On an island off South Australia, a population of feral goats, descended from animals brought by settlers for their meat and milk, is following the usual routine of invasive species the world over. They're eating their way through the native plants, including one that's the main food source for the endangered black cockatoo.
By itself, hardly unusual enough to be worthy of mention. But here's where the really bad animals come into the story: the eradication effort, which involves what's being called "Judas goats."
From the Australian Broadcasting Corp:
The unwitting traitors are shipped over from the mainland, sterilised, fitted with radio tracking collars and released.
Project officer Nick Markopoulos says the program exploits the animal's sociable nature.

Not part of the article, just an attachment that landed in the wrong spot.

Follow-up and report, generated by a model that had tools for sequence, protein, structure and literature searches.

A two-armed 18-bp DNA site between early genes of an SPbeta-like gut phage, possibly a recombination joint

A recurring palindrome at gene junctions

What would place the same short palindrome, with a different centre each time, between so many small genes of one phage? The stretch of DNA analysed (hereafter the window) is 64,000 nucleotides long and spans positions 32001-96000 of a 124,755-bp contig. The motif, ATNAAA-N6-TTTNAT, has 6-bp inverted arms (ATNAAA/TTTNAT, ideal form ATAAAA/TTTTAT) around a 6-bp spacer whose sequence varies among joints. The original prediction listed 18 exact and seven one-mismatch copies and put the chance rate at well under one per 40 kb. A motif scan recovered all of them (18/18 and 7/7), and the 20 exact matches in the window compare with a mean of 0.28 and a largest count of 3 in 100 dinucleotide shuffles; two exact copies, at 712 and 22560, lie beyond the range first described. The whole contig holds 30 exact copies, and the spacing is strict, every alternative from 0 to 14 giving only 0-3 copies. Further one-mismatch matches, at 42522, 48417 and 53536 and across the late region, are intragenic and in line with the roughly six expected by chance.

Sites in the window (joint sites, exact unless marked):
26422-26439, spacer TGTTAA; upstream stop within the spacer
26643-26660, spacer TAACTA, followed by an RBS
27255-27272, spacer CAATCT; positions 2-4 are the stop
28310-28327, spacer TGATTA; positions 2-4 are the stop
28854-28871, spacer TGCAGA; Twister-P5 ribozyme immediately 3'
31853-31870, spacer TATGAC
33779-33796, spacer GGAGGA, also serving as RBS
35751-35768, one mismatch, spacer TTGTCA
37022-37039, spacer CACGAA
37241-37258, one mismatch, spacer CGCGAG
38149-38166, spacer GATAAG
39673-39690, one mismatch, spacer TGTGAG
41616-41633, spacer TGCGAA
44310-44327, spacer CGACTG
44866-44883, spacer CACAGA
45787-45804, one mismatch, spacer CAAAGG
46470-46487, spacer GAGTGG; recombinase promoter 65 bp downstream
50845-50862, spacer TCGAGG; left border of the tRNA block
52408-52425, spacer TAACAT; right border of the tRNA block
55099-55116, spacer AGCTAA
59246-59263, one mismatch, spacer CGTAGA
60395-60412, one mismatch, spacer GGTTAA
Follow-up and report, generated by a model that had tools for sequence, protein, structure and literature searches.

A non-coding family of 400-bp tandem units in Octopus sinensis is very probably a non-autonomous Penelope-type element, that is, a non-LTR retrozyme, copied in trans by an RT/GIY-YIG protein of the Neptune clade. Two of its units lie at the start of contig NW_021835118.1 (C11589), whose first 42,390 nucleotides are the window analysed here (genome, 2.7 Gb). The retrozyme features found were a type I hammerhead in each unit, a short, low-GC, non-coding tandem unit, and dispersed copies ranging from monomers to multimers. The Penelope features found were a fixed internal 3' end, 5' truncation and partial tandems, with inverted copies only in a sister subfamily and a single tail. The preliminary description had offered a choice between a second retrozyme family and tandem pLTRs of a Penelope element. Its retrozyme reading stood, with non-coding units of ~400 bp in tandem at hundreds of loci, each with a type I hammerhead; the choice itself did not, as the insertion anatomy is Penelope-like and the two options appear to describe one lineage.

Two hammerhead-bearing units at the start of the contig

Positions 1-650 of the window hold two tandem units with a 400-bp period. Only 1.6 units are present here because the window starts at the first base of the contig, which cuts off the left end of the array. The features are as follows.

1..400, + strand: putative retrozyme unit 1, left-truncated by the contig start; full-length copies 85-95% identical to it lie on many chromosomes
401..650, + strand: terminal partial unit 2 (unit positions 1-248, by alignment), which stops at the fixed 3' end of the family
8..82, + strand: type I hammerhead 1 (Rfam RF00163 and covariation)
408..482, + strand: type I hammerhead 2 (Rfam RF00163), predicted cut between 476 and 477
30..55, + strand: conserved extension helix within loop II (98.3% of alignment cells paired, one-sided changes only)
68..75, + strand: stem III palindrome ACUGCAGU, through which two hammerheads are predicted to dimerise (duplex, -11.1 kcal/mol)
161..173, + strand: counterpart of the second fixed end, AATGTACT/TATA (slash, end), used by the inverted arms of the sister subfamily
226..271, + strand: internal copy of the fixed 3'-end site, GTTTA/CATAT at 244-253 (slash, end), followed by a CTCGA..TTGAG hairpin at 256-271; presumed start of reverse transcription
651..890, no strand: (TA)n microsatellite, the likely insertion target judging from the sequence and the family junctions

"Generally the goat will have about a week's sulk and once it gets over its week of sitting down and just adjusting itself to the new environment it's been released into, it will go off ... and find friends," he said.
"The feral goats are quite happy to accept them into their mobs and they fit right in."
The radio collars allow officials to find the group of feral goats and then, let's just say, they don't gather them up and take them to a goat shelter and adopt them out.
But what the Judas goats don't know is that they're going to pay the price for their collusion:
Mr Markopoulos predicts the island's feral population will be eradicated in a year.
Once they have done their job, the judas animals will also be destroyed.